Wednesday, April 23 2014 3:24 PM EDT2014-04-23 19:24:25 GMT
The search is on for the woman who allegedly stole items from a little boy's gravesite in Richland County. According to Ontario Police, several people have contacted them concerning gravesite thefts atMore >>
The search is on for the woman who allegedly stole items from a little boy's gravesite in Richland County.More >>
Sunday, April 20 2014 5:02 PM EDT2014-04-20 21:02:28 GMT
Video from a fishing trip that ended in tragedy earlier this week was posted to an outdoors website sometime before the boat capsized. It's believed Andrew Rose sent the video to the website, ‘Black SwampMore >>
It's believed Andrew Rose sent the video to the website, ‘Black Swamp Ohio Outdoors'.More >>
A group of angry parents want the superintendent of Tiffin City Schools removed from her position and have started circulating a petition.More >>
A group of angry parents want the superintendent of Tiffin City Schools removed from her position and have started circulating a petition. More >>
TOLEDO, OH (Toledo News Now) -
A new proposal at the federal level aims to make more money available for cities to remove blight. Ohio Senator Rob Portman visited Toledo Friday to promote the Neighborhood Safety Act.
Congresswoman Marcy Kaptur is backing a companion bill in the House. If approved, more money would be committed for the fight against blight in Toledo and cities across the country.
A $7 million fund was created with money from the Ohio Attorney General's Office, the city of Toledo, as well as the Lucas County Land Bank program. So far that fund has paid for the demolition of 556 vacant structures, with a goal of 800 by the end of the year.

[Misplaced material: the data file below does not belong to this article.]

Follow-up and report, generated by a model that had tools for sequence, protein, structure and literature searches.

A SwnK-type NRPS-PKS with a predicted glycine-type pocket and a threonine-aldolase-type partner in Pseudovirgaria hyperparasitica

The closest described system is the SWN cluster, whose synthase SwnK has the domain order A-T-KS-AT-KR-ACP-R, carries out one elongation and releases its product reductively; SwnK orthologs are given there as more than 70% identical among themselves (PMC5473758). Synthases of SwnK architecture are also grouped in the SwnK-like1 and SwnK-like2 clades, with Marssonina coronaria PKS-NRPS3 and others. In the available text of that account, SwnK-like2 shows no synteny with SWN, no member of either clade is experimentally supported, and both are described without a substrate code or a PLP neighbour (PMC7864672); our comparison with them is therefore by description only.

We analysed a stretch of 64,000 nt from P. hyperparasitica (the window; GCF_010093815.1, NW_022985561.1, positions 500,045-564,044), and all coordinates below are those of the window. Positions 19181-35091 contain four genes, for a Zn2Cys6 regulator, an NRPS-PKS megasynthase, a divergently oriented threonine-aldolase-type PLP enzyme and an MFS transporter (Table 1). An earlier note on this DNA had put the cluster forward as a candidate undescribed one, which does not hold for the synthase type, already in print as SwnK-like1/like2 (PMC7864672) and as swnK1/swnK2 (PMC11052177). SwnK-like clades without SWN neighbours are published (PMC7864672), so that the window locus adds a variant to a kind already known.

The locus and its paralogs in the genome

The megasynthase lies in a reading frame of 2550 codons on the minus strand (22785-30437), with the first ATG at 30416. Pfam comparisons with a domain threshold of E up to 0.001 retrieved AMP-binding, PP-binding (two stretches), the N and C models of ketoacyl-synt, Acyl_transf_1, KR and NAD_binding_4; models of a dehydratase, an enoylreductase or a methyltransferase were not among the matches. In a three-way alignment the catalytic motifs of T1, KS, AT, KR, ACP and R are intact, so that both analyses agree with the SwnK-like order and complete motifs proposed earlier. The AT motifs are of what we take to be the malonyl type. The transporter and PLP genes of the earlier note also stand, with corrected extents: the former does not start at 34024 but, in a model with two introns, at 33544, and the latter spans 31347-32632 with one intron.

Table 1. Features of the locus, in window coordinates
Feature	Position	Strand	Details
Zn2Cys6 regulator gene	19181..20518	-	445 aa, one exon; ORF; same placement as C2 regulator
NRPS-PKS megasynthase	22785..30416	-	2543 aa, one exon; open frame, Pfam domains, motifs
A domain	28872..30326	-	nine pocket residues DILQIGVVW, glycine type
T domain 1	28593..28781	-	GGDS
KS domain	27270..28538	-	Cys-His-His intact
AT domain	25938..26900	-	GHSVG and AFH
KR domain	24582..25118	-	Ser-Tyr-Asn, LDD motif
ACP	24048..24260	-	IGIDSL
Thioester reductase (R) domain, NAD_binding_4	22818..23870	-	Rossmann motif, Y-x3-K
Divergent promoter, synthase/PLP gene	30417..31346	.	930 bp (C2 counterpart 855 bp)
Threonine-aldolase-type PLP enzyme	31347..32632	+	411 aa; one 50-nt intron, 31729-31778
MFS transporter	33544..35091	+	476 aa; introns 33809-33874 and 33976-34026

Portman says his bill would earmark even more money for demolitions.
"This is a hazard for the neighborhood. It really creates a public safety problem. It's also about the neighbors and the values of their homes. When you have abandoned buildings, it drags down home values for everybody," explained Portman.
Steve McNeil says he has noticed the difference in his north Toledo neighborhood with more eyesore houses being torn down.
"It's a good thing for the neighborhood. These houses are just here. It's dangerous," said McNeil.
He also says tearing down eyesore houses is only the start for improving neighborhoods.
"That's just a step. Just one step. [There are] more steps to it than that," said McNeil.
Mayor Bell says he appreciates any financial help the city can get for the cause.
"We need to be able to take care of this, because we're putting a lot of people in jeopardy if we can't," said Bell.